At Hennepin County Medical Center (HCMC), the foodservice philosophy appears at first to be a contradiction in terms. The team is devoted to “stickability”—creating only initiatives that stick around for years—yet is also on top of the most current trends in food.
“On the menu side, we change things for the sake of changing things, because there’s no reason to get bored with food,” says Bill Marks, HCMC’s director of food, nutrition and environmental services. “But if we’re going to create and invest in a program,” he explains, “we don’t do it unless we believe it has stickability—that it will be around five, 10 or more years down the road.”
Read on to see how they ensure “stickability” sticks.Nominate an FSO of the Month
From the ground up
That consistent foundation gives the foodservice team freedom to experiment with flavor. And that’s important at HCMC, where quality restaurants and a diverse community, both inside and outside of the hospital, inspire trendy menu items.
Executive Chef Antonio Sanchez, who hails from Mexico, helms a kitchen team that includes people from Morocco, Tibet and close to home in Minneapolis, which has a significant Hmong population.
The staffers’ diverse backgrounds are reflected in the menu items: Korean barbecue bowls; African peanut soup; Thai coconut curry; ropa vieja that inspires fan mail from diners; and chicken tikka masala so good the local TV station asked Sanchez to come on and cook the dish live.
“I’m also not above ‘borrowing’ menus when I go out to eat,” Marks says. “It makes my kids groan—but those are the trends we want to be on top of. We see our competitors and peers as restaurants, not healthcare institutions.”Nominate an FSO of the Month
A study in flavor
Much of that culinary experimentation works. But sometimes it doesn’t. The team recently shelved plans for a poke bowl after tests with frozen tuna didn’t meet expectations.
“The frozen tuna just doesn’t have the flavor it needs to have, and to use fresh would make the prices way too high,” Sanchez says. “We could do a dish just to say we did, but we refuse to compromise on flavor.”
And when it comes to flavor, Sanchez has learned that sometimes, folks just want their classic meatloaf instead of a fancy new grain bowl.
“When I came in 11 years ago, they served a lot of mashed potatoes and gravy. I got all excited and changed everything. And then people got upset, like, ‘Hey, where’s my mashed potatoes?’” Sanchez says. “So we brought them back with turkey once a week. You can still do your potatoes and your pot roast, but you make them excellent just as you do with the new dishes.”Nominate an FSO of the Month
A matter of stickability
That constancy is even more important for the myriad food-related programs HCMC creates and operates. “We have a lot of fun at managers’ meetings where we decide what to run. We throw things at the wall, see what sticks, rib each other for a boneheaded idea,” Marks says. “But it always comes down to one question: Does this have stickability? Is this something we’ll be doing in 10 years?”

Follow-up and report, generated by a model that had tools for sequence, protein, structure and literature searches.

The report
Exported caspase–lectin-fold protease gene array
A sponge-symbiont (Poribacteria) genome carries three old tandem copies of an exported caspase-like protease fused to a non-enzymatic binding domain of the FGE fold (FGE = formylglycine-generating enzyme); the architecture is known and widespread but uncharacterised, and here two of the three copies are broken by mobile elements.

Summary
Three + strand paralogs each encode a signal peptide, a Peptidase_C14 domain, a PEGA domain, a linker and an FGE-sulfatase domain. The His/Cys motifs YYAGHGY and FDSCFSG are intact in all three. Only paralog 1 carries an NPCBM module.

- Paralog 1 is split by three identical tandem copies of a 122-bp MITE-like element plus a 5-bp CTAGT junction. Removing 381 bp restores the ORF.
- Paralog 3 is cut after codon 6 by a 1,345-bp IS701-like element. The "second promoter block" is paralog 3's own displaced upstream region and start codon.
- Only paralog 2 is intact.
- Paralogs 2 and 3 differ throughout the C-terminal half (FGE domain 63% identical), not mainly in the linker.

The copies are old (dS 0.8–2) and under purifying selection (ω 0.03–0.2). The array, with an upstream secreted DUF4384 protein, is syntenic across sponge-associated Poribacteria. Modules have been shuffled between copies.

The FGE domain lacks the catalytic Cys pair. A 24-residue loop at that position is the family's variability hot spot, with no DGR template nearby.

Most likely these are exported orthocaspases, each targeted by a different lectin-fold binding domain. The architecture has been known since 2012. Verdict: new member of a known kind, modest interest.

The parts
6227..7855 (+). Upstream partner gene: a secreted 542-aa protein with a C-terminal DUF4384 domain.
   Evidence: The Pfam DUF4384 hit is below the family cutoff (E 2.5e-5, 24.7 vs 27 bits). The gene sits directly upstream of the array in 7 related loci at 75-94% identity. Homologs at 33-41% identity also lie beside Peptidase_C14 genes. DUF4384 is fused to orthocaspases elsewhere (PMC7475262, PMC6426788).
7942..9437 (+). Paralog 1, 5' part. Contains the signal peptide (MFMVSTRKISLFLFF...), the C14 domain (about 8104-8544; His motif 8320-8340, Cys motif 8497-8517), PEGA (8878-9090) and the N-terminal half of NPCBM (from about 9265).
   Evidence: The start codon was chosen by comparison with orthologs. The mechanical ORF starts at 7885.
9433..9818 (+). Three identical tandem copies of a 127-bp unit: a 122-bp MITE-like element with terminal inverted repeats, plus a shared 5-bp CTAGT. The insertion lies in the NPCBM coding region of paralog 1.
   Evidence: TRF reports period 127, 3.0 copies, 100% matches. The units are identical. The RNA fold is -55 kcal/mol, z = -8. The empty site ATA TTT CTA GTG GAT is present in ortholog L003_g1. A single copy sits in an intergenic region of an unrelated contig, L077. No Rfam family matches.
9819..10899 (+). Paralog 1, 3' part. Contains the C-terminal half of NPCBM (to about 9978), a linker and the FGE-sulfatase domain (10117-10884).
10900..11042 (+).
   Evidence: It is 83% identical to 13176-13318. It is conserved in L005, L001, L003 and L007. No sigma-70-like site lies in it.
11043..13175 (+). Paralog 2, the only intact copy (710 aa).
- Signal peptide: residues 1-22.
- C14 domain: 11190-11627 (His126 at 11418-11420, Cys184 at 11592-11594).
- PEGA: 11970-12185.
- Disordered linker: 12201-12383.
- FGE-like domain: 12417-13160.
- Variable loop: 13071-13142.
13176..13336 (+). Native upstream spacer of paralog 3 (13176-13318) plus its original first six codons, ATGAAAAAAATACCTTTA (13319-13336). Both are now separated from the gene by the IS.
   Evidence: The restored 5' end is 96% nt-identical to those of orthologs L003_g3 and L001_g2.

With that guideline in mind, many of HCMC’s programs have run for several years or more. The hospital was one of the first in the country to start a summer meal program for children in need through the USDA. The center composts to redirect more than 70 tons of waste annually. And the team planted a large herb garden on the roof deck.
Beyond the stickability parameters, decisions about HCMC food programs are focused on the needs of the community. For example, the herb garden includes special organic Hmong herbs that are used in tshuaj rau qaib, a boiled chicken soup that is traditional for postpartum recovery.
“We get a couple of postpartum Hmong women a month who request this soup, so it’s not a ton of people,” Marks says. “But it’s absolutely worth it. It feels great, not only to give them this special meal, but also to work with local Hmong folks who run garden centers and specialize in this area.”Nominate an FSO of the Month
Other HCMC food programs include a Community Supported Agriculture (CSA) farm-share system that runs from June to October. Any unclaimed shares are donated to a local food pantry. Another example: Young adults with special needs come in with instructors to learn about working in various areas of HCMC, including the kitchen and mailroom.
For the HCMC foodservice staff, these programs aren’t extras. They’re a given.
“I wish I could challenge every FSD to have their staff spend a few hours a month putting their knowledge to use for the community,” Marks says. “I don’t think we as an industry are getting out there enough, and we have a lot to offer our communities.”
For operators who aren’t sure where to start, whether with food programs or menu items, Sanchez recommends choosing small challenges and selecting what feels most rewarding.
“Everyone might think, for example, that making mashed potatoes every day is too hard,” Sanchez says. “I say, do it once. Do it again. See how rewarding it feels to make something from scratch instead of a box. And use that energy to build on more challenges.”Nominate an FSO of the Month
Meet the FSD: Bill Marks
Director of Food, Nutrition and Environmental Services
Hennepin County Medical Center
Q: What are your goals for the coming year?
A: The only goals here are to stay on top of the trends and continue to be cutting edge. It sounds corny, but it’s the truth. I want to continue to push my team to do better, which is a lot easier said than done. But that’s what it takes to become even more creative over time.
Q: What is it that sets HCMC foodservice apart?
A: It’s the entire team enjoying work. The hardest part of my job is to keep the energy up, to focus on pushing forward. We all have bad days. But the hope is that when I slip, there are a bunch of other people keeping the energy up, and vice versa. And then you have the chance to be better with each new day.